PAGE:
The crime of extortion is governed by Va. Code § 18.2-59. Under this statute, extortion consists of a threat or accusation coupled with an extortion of money or other benefit. The Virginia Court of Appeals has held that the term "extort" means: "To gain by wrongful methods; to obtain in an unlawful manner, as to compel payments by means of threats of injury to person, property, or reputation. To exact something wrongfully by threats or putting in fear." Stein v. Commonwealth, 12 Va. App. 65, 69 (1991). The crime of extortion is different than the crime of theft and robbery, though extortion is a form of theft and shares traits with robbery. Another name for extortion is blackmail.
What is Extortion?
In the crime of extortion, the perpetrator:
Threatens to injure another person’s character or property,
Accuses another person of any crime,
Threatens to report another person as being in the U.S. illegally, or
Intentionally destroys, conceals, removes, confiscates, withholds or threatens to withhold, or possesses any actual or purported passport or other immigration document, or any other actual or purported government identification document, of another person with the intent to make the give up something.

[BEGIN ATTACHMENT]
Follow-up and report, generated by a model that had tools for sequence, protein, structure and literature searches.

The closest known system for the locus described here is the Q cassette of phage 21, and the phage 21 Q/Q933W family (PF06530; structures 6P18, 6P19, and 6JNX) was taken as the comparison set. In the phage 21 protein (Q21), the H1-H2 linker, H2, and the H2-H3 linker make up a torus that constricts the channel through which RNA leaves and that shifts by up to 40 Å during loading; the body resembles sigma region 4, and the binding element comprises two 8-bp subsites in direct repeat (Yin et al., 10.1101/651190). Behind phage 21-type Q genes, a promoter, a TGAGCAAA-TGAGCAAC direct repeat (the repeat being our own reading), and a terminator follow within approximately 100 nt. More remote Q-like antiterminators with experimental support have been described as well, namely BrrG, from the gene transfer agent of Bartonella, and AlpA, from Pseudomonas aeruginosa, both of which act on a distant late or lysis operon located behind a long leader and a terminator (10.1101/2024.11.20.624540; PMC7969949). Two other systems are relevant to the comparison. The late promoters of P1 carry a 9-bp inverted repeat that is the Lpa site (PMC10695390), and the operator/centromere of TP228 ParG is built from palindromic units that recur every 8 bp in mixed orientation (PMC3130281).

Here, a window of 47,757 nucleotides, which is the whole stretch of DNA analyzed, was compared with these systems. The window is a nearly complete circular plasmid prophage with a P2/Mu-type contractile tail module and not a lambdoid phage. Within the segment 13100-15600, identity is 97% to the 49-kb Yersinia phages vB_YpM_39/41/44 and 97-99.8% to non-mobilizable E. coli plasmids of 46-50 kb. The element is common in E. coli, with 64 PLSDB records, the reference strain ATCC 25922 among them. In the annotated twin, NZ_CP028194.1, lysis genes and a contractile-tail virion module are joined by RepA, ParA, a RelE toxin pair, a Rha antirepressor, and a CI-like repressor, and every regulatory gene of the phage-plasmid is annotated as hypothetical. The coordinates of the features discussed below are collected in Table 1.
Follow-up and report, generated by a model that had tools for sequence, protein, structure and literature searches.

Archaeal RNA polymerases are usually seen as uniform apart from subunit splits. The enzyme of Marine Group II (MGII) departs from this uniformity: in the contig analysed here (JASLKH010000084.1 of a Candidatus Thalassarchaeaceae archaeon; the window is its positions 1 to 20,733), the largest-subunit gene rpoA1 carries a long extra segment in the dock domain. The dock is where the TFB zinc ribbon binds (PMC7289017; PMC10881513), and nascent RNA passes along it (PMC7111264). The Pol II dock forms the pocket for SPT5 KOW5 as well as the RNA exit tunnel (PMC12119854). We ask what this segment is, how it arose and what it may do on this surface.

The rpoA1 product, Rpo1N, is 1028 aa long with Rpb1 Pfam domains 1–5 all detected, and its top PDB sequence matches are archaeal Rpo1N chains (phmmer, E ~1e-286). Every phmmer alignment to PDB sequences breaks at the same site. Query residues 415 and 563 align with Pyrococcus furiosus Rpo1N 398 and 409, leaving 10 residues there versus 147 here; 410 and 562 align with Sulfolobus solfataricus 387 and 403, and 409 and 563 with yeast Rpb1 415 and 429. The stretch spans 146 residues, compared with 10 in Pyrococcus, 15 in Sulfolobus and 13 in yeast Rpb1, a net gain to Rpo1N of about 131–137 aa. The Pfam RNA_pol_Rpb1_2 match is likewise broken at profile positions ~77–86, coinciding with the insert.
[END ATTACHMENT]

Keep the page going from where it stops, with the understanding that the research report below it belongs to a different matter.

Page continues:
What is the Punishment for Extortion?
Extortion is punishable as a Class 5 felony. Under Va. Code § 18.2-10, a Class 5 felony is punishable by a term of imprisonment of not less than one year nor more than 10 years, or in the discretion of the jury or the court trying the case without a jury, confinement in jail for not more than 12 months and a fine of not more than $2,500, either or both.
An Example of Extortion
Suppose A obtains private nude photos of B who does not want the photos released. A threatens B with release of the photos unless B gives him something in exchange, such as a service or something of value, which B would not otherwise do. A is compelling B to do something he does not wish to do by threatening B with release of private nude photos. This is extortion.
Charlottesville Criminal Defense Lawyer
There are circumstances under which a person may be charged with extortion where the elements of extortion are not present and a viable defense is available. You need an attorney who has experience with crimes of extortion. Such an attorney can make sure you get the best outcome in your case. Bryan J. Jones is committed to his clients and will develop a defense strategy tailored just for you. Contact Bryan J. Jones, LLC today.